SilverWav's Journal

The best is yet to come…

Archive for the ‘Feature’ Category

SD card “disappears” after HP Pavilion 14 wakes from sleep.

leave a comment »

This is helpful, being able to bookmark, browse and use “save as” with the external SD card.

This is a partial work around for the “disappearing” SD card issue. (ChromeOS is the problem not the hardware, as I can still see the SD card from the chroot).

Fortunately, the web browser does support the file: URI scheme allowing access to the File Shelf and External Devices directories.

Directory URL
File Shelf file:///home/chronos/user/Downloads/
External Storage file:///media/removable/External%20Drive/

To copy a file from one directory or device to another, use the URL listed above to locate the target file, then right click on the file and select “Save link as…” to copy the file to a new location. (via William Shotts)

The other workaround is to use the command line which still allows for access to the SD card, once you use “shell”.

cp ~Download/somefile ‘media/removable/External Drive/’

__________

SD card “disappears” after HP Pavilion 14 wakes from sleep.

My newest Chromebook is the HP Pavilion 14, the older, black model. Fully updated. Today, I purchased a SanDisk SDHC card. The HP Chromebook recognizes it as “External Drive” and I can add files to it just fine. Just one problem: when this Chromebook wakes from sleep, and I click the Files icon, “External Drive” is no longer listed. Any ideas why? Removing and re-inserting the card forces Chrome OS to “see” it again.

Written by SilverWav

February 24, 2014 at 2:25 am

Crouton Upgrade raring to saucy

leave a comment »

A worked example so I don’t forget for the next time.

1. Backup chroot – after logging out of raring:

chronos@localhost:~$ sudo edit-chroot -b raring

2. Upgrade to new Distribution Release:
me@localhost:~$ sudo do-release-upgrade

3. Update your chroot using the latest crouton -u to make sure all of the crouton-related scripts are still in place.
me@localhost:~$ croutonversion -u -d -c

4. chronos@localhost:~$ sudo sh -e ~/Downloads/crouton -t xfce -t chrome -n raring -u

5. Rename the chroot (edit-chroot -m) to match the new release name:
chronos@localhost:~$ sudo edit-chroot -m saucy raring

Works a treat just need to run synaptic or software-center as root or I get errors:
gksudo synaptic-pkexec

PolicyKit error when trying to install/remove programs in the software center

Upgrade raring to saucy

Written by SilverWav

February 23, 2014 at 6:13 pm

Posted in Feature

Tagged with , , ,

SSH Is Easy! Linux’s best kept secret.

leave a comment »

Read this first SSH: An Easier-Than-You-Thought Tutorial by Paul Arnote (parnote)

I had no problem with this:

ssh -l paul_lenovo 192.168.1.101

-l (small L) logs the listed computer as a trusted computer, and we only have to do this once (per remote machine, per local machine).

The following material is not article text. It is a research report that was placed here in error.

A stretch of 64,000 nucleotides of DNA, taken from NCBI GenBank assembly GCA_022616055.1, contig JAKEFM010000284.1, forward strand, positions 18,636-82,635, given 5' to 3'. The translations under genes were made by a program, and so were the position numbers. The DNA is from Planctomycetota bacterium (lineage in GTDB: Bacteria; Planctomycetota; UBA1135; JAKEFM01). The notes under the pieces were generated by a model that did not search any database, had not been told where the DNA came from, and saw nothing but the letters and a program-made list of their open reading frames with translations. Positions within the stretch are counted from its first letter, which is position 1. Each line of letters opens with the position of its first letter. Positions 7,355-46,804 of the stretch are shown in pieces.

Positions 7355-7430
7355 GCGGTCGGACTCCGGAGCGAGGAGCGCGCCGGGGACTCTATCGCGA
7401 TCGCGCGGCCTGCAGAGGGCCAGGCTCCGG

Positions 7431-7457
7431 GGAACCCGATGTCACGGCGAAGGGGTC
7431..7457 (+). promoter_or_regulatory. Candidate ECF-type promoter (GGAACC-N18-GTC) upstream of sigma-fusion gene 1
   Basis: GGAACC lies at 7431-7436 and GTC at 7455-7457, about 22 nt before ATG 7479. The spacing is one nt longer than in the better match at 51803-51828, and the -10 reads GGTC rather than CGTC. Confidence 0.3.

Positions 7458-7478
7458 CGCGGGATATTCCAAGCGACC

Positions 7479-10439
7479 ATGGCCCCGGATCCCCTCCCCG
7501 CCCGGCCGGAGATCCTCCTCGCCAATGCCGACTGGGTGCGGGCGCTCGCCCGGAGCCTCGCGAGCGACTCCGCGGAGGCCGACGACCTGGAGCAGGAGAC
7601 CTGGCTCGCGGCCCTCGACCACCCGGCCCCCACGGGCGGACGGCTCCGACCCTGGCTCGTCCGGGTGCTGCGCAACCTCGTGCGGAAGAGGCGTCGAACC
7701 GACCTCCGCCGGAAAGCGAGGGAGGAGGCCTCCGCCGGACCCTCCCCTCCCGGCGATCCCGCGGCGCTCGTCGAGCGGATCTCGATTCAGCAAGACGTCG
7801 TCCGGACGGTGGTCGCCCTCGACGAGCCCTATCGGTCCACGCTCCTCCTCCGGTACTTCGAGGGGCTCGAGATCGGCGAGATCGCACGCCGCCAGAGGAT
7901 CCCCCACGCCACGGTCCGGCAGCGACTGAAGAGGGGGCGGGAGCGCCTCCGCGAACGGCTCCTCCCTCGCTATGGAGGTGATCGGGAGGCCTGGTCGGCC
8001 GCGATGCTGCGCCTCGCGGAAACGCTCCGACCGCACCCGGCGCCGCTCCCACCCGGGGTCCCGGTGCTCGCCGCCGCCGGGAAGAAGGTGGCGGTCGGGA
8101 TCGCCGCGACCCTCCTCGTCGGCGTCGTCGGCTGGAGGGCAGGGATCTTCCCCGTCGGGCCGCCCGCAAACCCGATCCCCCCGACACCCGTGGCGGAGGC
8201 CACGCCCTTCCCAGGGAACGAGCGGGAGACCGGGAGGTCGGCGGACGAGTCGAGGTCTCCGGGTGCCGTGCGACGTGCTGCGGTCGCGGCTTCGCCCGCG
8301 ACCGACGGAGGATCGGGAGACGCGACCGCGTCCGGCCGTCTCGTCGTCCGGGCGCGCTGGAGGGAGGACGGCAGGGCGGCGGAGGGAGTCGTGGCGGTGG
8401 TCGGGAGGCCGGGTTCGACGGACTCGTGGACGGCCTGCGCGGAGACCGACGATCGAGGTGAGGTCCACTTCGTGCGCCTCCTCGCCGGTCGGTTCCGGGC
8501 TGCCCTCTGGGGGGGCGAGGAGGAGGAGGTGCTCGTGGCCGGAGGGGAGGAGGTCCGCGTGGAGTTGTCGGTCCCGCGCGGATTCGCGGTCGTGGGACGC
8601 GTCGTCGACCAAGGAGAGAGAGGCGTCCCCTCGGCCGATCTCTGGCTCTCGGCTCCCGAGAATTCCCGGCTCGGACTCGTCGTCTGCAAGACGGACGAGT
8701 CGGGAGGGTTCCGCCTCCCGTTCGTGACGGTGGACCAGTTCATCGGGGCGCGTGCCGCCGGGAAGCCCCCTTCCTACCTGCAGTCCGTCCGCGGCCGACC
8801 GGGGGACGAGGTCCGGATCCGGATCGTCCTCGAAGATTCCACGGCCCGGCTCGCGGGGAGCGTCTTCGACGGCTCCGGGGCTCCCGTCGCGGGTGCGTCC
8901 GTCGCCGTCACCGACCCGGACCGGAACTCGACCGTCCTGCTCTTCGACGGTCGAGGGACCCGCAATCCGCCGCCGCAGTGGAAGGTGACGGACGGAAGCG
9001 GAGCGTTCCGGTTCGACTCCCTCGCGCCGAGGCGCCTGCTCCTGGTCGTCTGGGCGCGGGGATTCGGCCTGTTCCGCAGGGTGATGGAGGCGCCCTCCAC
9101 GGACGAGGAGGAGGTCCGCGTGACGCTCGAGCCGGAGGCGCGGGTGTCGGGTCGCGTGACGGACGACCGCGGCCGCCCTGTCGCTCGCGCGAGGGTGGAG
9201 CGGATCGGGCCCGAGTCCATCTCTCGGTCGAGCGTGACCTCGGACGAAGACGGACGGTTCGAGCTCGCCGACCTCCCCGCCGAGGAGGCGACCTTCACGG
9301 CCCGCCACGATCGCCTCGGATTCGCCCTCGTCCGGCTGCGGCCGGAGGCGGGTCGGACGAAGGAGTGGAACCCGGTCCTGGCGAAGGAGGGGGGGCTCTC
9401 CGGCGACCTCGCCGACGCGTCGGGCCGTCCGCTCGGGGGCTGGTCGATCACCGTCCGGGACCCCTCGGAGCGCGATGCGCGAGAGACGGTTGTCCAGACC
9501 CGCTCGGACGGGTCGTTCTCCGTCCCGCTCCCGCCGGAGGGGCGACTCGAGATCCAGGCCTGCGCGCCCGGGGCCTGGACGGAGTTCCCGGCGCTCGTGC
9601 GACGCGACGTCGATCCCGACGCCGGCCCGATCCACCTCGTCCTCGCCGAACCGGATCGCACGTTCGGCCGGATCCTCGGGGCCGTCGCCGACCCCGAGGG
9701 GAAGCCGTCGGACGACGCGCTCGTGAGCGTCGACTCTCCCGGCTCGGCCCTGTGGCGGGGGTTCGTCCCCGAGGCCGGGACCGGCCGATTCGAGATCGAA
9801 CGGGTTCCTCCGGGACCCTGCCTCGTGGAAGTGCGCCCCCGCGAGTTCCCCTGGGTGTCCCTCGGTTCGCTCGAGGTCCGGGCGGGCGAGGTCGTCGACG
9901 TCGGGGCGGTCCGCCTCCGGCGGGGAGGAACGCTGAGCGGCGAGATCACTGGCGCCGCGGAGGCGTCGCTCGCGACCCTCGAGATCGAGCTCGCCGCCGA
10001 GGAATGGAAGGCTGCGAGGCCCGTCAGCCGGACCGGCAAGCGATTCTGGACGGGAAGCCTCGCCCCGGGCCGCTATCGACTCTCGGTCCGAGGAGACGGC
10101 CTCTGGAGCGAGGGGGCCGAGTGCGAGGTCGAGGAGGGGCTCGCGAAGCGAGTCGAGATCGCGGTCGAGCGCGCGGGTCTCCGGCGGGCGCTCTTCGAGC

though to log-out I used “logout” not “~.”

Then…

ssh -v remote_account_name@remote_ip_address

…worked fine!

But…

ssh -v -X remote_account_name@remote_ip_address

gave me an error:

X11 forwarding request failed on channel 0

This turned out to be because IPv6 was disabled:

$ sysctl net.ipv6.conf.all.disable_ipv6
$ net.ipv6.conf.all.disable_ipv6 = 1

The easy answer was:

1) Adding the following to your sshd_config (/etc/ssh/sshd_config)
AddressFamily inet
2) Restart SSH

Hell Yeah!

Typed “thunar” and after a brief delay there was my remote file manager forwarded to my desktop.

Sheer magic.


Notes:

Ensure you have OpenSSH client and the OpenSSH server installed.

sudo nmap -sP 192.168.0.0/24 scans your network and lists all of your devices.

https://gist.github.com/adrianratnapala/1324845

http://www.gossamer-threads.com/lists/openssh/users/51998

http://pclosmag.com/html/Issues/201102/page18.html

Written by SilverWav

August 27, 2013 at 9:48 pm

The Best Chrome Extensions For An Ex Firefox User (9 month later)

leave a comment »

Extensions:

Adblock Plus  1.5.4

Blocks all annoying ads on the web: video ads on YouTube, Facebook ads, banners and much more. Visit website

Close tab on context menu 0.2

A simple extension that add a ‘close tab’ context menu entry. Visit website

Create Link  0.2.9

Copy current page URL to clipboard in various formats. Visit website

Double Click Closes Tab 1.0.9

Double left/right or triple left clicks on WEBPAGE (not tab) to close tab. Reopen tab by shiftKey + DC/TC. Visit website

Force Background Tab 2.0.4

Force New Tab Running In Background Visit website

Netflix Rate 1.3.18

Add IMDB and Rotten Tomato ratings to the Netflix webpage. Visit website

PageZipper 1.3
A free bookmarklet which automatically merges all the ‘Next’ pages into one page Visit website

Pocket (formerly Read It Later) 1.5.6
Pocket Extension for Google Chrome – The best way to save articles, videos and more Visit website